• My head is 9 inches high. My height is 67.5 inches. That makes my body exactly 7.5 heads high, the perfect prototypical female body proportions [source].
  • My band size, the circumference of my chest underneath my breasts, is about 32 inches, smaller than most males and females.
  • My ring finger size is smaller than a 5. The average female ring size is 7. My pinky finger size is smaller than a 3.5. The rest of my fingers are similarly small. My longest finger (middle finger) is 3-1/8 inches. My shortest finger (pinky finger) is 2-5/16 inches.
  • My facial hair was mostly in the mustache area, but it never grew into a real mustache. Except for my pubic hair, I am naturally hairless everywhere else. It took only two sessions of laser hair removal to permanently remove all my armpit hair. I also have a full head of hair with no evidence of male pattern baldness.
  • Compound all of this with the fact that I'm 47 years old. I'm no spring chicken and yet I still look this good.

Some of my trans colleagues used to chastise me for promoting the idea of passability. They never quite understood that passability was just a stepping stone in my philosophy of life. The whole point of passability is you want to be able to work up to the ultimate goal TO JUST BE. You don't get TO BE without first understanding and adhering to the principles of passability. My philosophy goes like this... passability → believability → BE.

I never had a genetic test. If someone would like to pay the money to have mine done, then please be my guest. I just don't understand when someone claims to be 46XX but looks male. I kind of feel bad for them. A genetic test can be a death sentence for some. What if you discovered you're not 46XX or 46XY? What if you're missing chromosomes? What if your genes told you you'd develop Parkinson's some day? Don't worry so much about your genetic test results. Worry more about yourself right here and right now.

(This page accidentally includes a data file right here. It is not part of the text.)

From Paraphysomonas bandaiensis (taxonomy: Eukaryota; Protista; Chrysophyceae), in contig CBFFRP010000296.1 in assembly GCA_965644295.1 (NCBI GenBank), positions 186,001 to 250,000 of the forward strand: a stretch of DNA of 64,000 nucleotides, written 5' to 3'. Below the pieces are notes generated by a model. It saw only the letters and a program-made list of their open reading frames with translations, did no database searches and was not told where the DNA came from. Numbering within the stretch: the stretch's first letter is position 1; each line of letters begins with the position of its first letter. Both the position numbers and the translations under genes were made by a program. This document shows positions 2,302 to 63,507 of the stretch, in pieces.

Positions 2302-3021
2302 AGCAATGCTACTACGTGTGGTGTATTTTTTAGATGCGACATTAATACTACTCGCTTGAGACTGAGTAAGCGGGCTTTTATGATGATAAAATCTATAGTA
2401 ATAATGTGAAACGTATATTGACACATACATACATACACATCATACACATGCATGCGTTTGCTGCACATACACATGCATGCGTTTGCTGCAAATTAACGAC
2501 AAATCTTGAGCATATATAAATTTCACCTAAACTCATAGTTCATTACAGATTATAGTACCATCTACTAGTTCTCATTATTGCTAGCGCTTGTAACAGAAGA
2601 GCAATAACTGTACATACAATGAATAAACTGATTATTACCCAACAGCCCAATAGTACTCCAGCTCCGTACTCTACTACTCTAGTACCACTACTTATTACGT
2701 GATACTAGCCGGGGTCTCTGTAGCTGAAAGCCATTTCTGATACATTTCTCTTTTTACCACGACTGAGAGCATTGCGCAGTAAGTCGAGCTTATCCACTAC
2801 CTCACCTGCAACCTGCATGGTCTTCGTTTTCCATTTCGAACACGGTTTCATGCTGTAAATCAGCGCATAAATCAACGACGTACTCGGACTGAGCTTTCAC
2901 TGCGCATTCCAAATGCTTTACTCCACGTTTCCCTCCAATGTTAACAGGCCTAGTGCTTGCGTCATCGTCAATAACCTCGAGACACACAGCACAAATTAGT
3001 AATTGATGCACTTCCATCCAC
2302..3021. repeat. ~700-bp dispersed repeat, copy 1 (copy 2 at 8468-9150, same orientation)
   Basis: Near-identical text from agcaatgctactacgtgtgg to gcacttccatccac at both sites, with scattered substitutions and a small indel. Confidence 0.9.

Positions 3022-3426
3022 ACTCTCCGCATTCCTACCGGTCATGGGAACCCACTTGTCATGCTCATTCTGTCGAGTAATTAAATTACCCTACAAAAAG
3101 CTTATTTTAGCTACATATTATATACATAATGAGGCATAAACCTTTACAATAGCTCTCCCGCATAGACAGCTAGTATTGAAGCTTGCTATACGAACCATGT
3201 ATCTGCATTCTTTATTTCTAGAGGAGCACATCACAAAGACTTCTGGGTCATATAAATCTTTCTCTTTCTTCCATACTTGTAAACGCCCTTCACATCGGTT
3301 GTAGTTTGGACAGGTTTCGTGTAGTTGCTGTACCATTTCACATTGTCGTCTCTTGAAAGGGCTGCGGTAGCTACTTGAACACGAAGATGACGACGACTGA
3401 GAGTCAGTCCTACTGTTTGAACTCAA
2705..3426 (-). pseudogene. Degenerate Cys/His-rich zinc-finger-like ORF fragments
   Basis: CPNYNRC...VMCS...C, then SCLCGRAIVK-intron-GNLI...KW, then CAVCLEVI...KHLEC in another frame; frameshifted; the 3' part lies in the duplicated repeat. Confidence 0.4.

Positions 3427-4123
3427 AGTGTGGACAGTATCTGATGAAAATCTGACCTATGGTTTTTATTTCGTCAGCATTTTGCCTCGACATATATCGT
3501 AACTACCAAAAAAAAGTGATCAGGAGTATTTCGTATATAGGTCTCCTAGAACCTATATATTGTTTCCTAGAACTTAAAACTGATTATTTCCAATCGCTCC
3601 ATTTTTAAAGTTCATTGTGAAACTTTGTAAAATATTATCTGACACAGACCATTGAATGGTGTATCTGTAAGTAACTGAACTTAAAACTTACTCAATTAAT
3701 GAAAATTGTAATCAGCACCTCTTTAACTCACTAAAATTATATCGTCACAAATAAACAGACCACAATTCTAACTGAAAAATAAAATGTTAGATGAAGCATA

As I rightfully surmised over the years, people don't really understand transsexuals and they understand intersexuals even less. Strangely, medical insurances cover "transgender surgery" but not "intersexual surgery." It was easier to just admit to being a transsexual. Whatever the hell I am, I know I'm smaller than the average man and I'm smaller than the average woman. Yay for me, this has made my life much easier in many respects. Unfortunately, my family didn't take the news too well, so I experience many of the same obstacles and hardships that many transsexuals face.

What I never wanted was a life of compromise. I never limited myself to trans-friendly or LGBT-friendly places because I never wanted to feel like an outcast. I never sought out trans-friendly doctors, surgeons, or health care facilities for my medical needs because I've always felt confident about who I am - a woman - in society. While I do wish everyone who is trans or intersexed could do as I do, I know that the reality is most people can't, but this doesn't mean giving up. Some people need to take baby steps to move towards their ultimate goal.

Supporting my work

Not everything can be learned for free on the Internet. Purchasing my books and videos gives you access to a vast encyclopedia of knowledge collected from my years of experience in transformation. For years, I was an educator at two of the finest universities in the world. I love teaching and inspiring people. I applied the research skills I learned as a doctoral student at the University of Pennsylvania to male-to-female transformation and wrote eight full-length books as a result. In the beginning, it was an art to me. In the end, it was a way of life. From 1994 to the present, over 4,000 transgender women have purchased my books. Every book contains practical advice that you will use for years to come and every purchase helps this web site grow. Everyone who supported me through the purchase of my books and videos has made me what I am today, one of the leading transgender self-help authors in the world. Thank you for your support!